Governor not prepared to fire anyone over LSU sexual misconduct scandal yet

Edwards supports university’s plans for review

ATLANTA, GEORGIA - DECEMBER 28: Head coach Ed Orgeron of the LSU Tigers looks on during warm ups before the game against the Oklahoma Sooners in the Chick-fil-A Peach Bowl at Mercedes-Benz Stadium on December 28, 2019 in Atlanta, Georgia. (Photo by Gregory Shamus/Getty Images)

Gov. John Bel Edwards on Thursday said he would not call for the terminations of any LSU administrators yet in the wake of a USA Today investigation in which several female students said university officials ignored acts of rape and domestic violence by football players and other male students.

“I’m not prepared to say any individual has to be fired,” Edwards said in response to a reporter’s question at his weekly press conference.

The USA Today investigation uncovered how senior LSU athletics administrators and coaches failed to investigate and report allegations of sexual misconduct and domestic violence to the university’s Title IX office. This included allegations against at least nine football players since Coach Ed Orgeron took over in 2016, USA Today found.

Federal laws and LSU’s own policies require administrators to take complaints of sexual assault seriously and immediately report them to the university’s Title IX office.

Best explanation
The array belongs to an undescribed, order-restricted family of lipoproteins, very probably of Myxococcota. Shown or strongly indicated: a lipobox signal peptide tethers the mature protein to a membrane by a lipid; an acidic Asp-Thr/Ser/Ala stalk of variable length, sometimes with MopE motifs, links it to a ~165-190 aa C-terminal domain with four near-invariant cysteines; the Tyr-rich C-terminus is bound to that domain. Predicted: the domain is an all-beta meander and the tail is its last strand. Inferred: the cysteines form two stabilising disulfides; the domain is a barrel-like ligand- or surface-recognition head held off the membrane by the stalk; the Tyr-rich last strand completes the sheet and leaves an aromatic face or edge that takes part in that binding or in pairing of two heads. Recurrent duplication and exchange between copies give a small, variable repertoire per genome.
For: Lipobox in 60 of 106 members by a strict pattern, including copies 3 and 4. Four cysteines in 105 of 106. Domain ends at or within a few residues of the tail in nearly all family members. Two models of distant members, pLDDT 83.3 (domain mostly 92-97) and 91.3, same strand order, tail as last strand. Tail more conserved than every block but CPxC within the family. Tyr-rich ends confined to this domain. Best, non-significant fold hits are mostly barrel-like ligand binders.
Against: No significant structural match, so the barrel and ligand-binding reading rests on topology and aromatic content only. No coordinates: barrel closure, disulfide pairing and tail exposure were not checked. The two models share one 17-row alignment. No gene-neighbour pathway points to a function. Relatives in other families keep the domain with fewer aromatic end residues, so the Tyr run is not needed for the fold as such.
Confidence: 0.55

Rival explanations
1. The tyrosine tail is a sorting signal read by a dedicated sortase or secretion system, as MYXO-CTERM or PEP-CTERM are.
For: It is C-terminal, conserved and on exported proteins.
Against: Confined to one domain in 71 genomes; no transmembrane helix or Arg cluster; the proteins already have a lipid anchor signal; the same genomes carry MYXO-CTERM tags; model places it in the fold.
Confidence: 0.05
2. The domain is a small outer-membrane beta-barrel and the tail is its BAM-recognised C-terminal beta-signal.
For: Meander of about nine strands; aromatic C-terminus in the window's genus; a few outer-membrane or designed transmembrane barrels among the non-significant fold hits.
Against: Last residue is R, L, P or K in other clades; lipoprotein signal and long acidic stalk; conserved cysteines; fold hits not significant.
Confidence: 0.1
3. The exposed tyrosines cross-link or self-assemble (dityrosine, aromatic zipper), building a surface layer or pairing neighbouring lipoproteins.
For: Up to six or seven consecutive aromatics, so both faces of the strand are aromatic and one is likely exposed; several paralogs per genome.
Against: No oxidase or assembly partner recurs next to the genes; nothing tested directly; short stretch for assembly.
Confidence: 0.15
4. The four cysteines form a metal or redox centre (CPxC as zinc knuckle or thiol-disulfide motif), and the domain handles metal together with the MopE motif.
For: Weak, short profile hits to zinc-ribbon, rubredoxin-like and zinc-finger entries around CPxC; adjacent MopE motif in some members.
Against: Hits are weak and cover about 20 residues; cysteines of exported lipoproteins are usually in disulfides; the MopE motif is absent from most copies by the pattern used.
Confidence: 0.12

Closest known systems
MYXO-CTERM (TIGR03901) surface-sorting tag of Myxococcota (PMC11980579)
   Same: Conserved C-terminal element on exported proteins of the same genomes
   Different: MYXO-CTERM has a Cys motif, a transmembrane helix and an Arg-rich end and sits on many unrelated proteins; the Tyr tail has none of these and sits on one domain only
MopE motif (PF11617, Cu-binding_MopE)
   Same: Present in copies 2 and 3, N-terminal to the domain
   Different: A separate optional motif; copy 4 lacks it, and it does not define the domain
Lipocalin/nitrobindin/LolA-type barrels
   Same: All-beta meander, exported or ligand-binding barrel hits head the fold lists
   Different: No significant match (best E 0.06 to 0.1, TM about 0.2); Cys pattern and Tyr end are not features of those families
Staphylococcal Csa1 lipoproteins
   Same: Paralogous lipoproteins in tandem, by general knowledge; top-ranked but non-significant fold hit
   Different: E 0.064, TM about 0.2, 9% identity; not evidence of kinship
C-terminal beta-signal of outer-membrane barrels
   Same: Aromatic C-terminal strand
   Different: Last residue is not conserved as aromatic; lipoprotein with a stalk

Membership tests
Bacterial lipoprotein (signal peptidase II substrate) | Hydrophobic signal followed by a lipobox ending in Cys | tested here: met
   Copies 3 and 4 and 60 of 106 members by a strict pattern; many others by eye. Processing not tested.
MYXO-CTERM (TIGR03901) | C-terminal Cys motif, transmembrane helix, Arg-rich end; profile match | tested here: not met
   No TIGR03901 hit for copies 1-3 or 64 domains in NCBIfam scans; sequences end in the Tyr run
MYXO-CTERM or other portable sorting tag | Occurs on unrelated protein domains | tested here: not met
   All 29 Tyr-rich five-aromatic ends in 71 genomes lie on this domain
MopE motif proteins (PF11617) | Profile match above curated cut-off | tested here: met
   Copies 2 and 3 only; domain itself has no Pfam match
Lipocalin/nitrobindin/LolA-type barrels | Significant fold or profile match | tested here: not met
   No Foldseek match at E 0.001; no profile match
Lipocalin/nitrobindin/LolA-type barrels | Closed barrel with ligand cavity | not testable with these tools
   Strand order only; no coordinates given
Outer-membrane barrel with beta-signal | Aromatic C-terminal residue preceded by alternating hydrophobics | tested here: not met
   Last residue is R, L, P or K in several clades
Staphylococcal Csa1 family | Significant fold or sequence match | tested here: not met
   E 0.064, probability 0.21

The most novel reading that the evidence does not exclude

Hours after the story was published on Monday, LSU Interim President Thomas Galligan announced that the university hired a law firm to conduct an independent review of how the sexual misconduct cases were handled. 

“To help us improve, we have retained Husch Blackwell, a renowned law firm with deep expertise in higher education, to conduct an independent, comprehensive review of our Title IX policies and procedures,” Galligan said in his press release. “We anticipate that they will wrap up their review in the spring.”

Edwards expressed support for the university initiating its investigation and said he hopes it will “get to the bottom” of the missteps and errors highlighted by USA Today.

The LSU Board of Supervisors controls the hiring and firing of the university’s administrators. As governor, Edwards appoints the members that sit on the board of supervisors.

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Wesley Muller
Wes Muller traces his journalism roots back to 1997 when, at age 13, he built and launched a hyper-local news website for his New Orleans neighborhood. In the following 22 years since then, he has worked as a journalist for the Times-Picayune in New Orleans, the Sun Herald in Biloxi, WAFB-9News CBS in Baton Rouge, and the Enterprise-Journal in McComb, Mississippi. Much of his work has involved reporting on First Amendment issues and watchdog coverage of municipal and state government. He has received several honors and recognitions, including McClatchy's National President's Award, the Associated Press Freedom of Information Award, and the Daniel M. Phillips Freedom of Information Award from the Mississippi Press Association, among others. Muller is a New Orleans native, a Jesuit High School alumnus, a University of New Orleans alumnus, a veteran U.S. Army paratrooper, and an adjunct English teacher at Baton Rouge Community College. He lives in Ponchatoula, Louisiana, with his teenage son and his wife, who is also a journalist.